Manchurian Mixed Forests

Image credit: Uwe Brodrecht, Creative Commons

Manchurian Mixed Forests

The ecoregion’s land area is provided in units of 1,000 hectares. The protection goal is the Global Safety Net (GSN1) area for the given ecoregion. The protection level indicates the percentage of the GSN goal that is currently protected on a scale of 0-10. N/A means data is not available at this time.

Bioregion: Manchuria-Ussuri Mixed Forests & Meadow Steppes (PA46)

Realm: Eastern Eurasia

Ecoregion Size (1000 ha):


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Protection Goal:


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States: China, Russia, North Korea, South Korea

Mixed forest of conifers and broad-leaved trees extend from low hills and volcanic uplands at the base of the Korean Peninsula, northwards into Chinese Manchuria, and across the Amur (Heilong) River to the Russian Far East. The Manchurian Mixed Forests ecoregion is one of the most biodiverse in northeast Asia. It supports critical populations of two big cats, the endangered Siberian (Amur) tiger, and the critically endangered Amur leopard. 

The flagship species of the Manchurian Mixed Forests ecoregion is the amur leopard.

The Manchurian Mixed Forests ecoregion is affected by a cold continental airflow from interior Asia that brings dry, frigid conditions during winter with a mean temperature of 15° C during the year's coldest month. An attenuated summer monsoon flow from the western Pacific brings abundant rain and mild temperature during summer. Annual precipitation throughout the region is about 500 to 1,000 mm, with most rain during the summer and fall.

Forests at 500 to 1,000 m elevation include both coniferous and broadleaved species. Conifers of the Manchurian mixed forests include the tall, straight-trunked Korean pine, Manchurian fir, and Siberian spruce, which, together with its sibling species, the Norway spruce, is widespread across northern Eurasia. Deciduous broadleaved trees include several species of maple and oak, ash, birch, and Manchurian elm. Korean ginseng, an important medicinal plant once common in the forest understory, is now severely depleted in China, relatively more abundant in the Russian part of the ecoregion. 

Eurasian Lynx (Lynx lynx). Image credit: CC BY-SA 3.0 | Aconcagua

Eurasian Lynx. Image credit: Creative Commons

The volcano-dammed Jingbo Lake in northern China, meaning “Mirror Lake,” is protected by a nature reserve that supports populations of lynx, Siberian musk deer, and Manchurian wapiti, a distinct subspecies of the elk that ranges across northeast Asia and North America. The Manchurian subspecies of Sika deer, the largest Sika deer, is extirpated in China. However, a stable population of 9,000 individuals survives in the Ussuri broadleaf and mixed forests of the Russian Far East. Sable, a member of the weasel family, is also rare in the Chinese part of this ecoregion, although it is widespread throughout the Palearctic biogeographic realm.

The Siberian tiger, largest of the five tiger subspecies, once ranged across this ecoregion in the Russian Far East, through Manchuria, and southward down the Korean Peninsula. During the 20th Century, Siberian tiger populations plummeted. Current population estimates are not well constrained, but there seems to have been an upward trend over the past decade. 562 individuals, including 100 cubs, were recorded in the Russian Far East at the end of 2015.⁠ A few individuals are likely to occur in North Korea as well.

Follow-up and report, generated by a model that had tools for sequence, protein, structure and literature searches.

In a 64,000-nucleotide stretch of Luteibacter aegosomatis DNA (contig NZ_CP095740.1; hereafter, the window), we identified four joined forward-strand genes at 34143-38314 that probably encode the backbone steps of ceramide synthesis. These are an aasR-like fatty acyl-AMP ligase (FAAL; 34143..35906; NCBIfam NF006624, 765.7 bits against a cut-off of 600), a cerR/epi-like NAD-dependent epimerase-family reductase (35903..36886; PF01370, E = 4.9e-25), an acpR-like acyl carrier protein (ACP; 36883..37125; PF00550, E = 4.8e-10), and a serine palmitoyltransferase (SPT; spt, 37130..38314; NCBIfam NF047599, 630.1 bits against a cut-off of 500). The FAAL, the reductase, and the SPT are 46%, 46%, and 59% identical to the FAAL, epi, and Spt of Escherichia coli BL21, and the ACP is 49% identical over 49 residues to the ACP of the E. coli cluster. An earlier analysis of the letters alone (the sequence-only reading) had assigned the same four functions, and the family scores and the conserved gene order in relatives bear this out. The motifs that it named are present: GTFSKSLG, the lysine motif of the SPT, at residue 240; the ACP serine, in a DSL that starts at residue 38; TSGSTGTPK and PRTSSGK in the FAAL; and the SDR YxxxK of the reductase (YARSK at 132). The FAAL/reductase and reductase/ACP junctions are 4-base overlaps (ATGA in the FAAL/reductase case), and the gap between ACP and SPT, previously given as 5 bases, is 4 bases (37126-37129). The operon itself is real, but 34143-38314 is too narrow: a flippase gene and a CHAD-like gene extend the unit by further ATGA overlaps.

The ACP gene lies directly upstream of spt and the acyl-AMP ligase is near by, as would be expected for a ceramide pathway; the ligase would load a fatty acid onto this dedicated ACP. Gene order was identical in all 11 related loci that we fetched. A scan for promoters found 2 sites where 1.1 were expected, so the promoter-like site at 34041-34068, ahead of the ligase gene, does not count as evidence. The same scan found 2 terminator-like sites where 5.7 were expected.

Siberian tiger. Image credit: Creative Commons

As remaining habitat in Russia approaches carrying capacity, there is potential for range expansion into Chinese Manchuria.⁠ Currently, China is believed to have about 30 wild Siberian tigers, and the population appears to be increasing gradually.⁠

Sharing a similar fate, the Amur subspecies of  leopard was probably extirpated in China by the 1990s, and only about 30 individuals survived in Russia in 2007. The recent establishment of larger, better-protected nature reserves along the China–Russia border, however, has prompted a few Amur leopards to establish territories in China: camera traps record leopards in Jilin and Heilongjiang Provinces. Studies suggest that the Amur leopard population doubled between 2008 and 2015.⁠

In 2016, China launched an ambitious plan to revamp its national park system. As part of this effort, the national government intends to conserve 14,600 km2 of tiger and leopard habitat in the Manchurian mixed forests, an area more than half again the size of Yellowstone National Park. Logging bans in Heilongjiang and Jilin are being supplemented with efforts to develop alternative livelihoods and strategies to mitigate conflict between humans and tigers. Current estimates are 35 tigers and 70 leopards in the candidate conservation area, with the capacity for further population increases.

Special conservation measures are needed to better protect the Siberian tiger, such as buffer zones and corridors to link remnant populations with adequate habitat and access to wild prey.⁠ Public awareness campaigns improve local attitudes towards wildlife. 

The priority conservation actions for the next decade are to: 1) complete and implement the national park conservation plan; 2) control encroachment into the remaining habitats; and 3) promote transboundary conservation effort among China, Russia, and North Korea.


  1. Carpenter, C. 2000. Eastern Asia: Korea, China, and Russia. Accessed April 2019.
  2. Laguardia, A., Kamler, J. F., Li, S., Zhang, C., Zhou, Z., Shi, K. 2017. The current distribution and status of leopards Panthera pardus in China. Oryx 51 (1): 153−159. doi:10.1017/S0030605315000988.
  3. McLaughlin, K. 2016. Can a new park save China's big cats? Science 17 August 2016. Asia/PacificPlants & Animals conservation topic. doi:10.1126/science.aah7201
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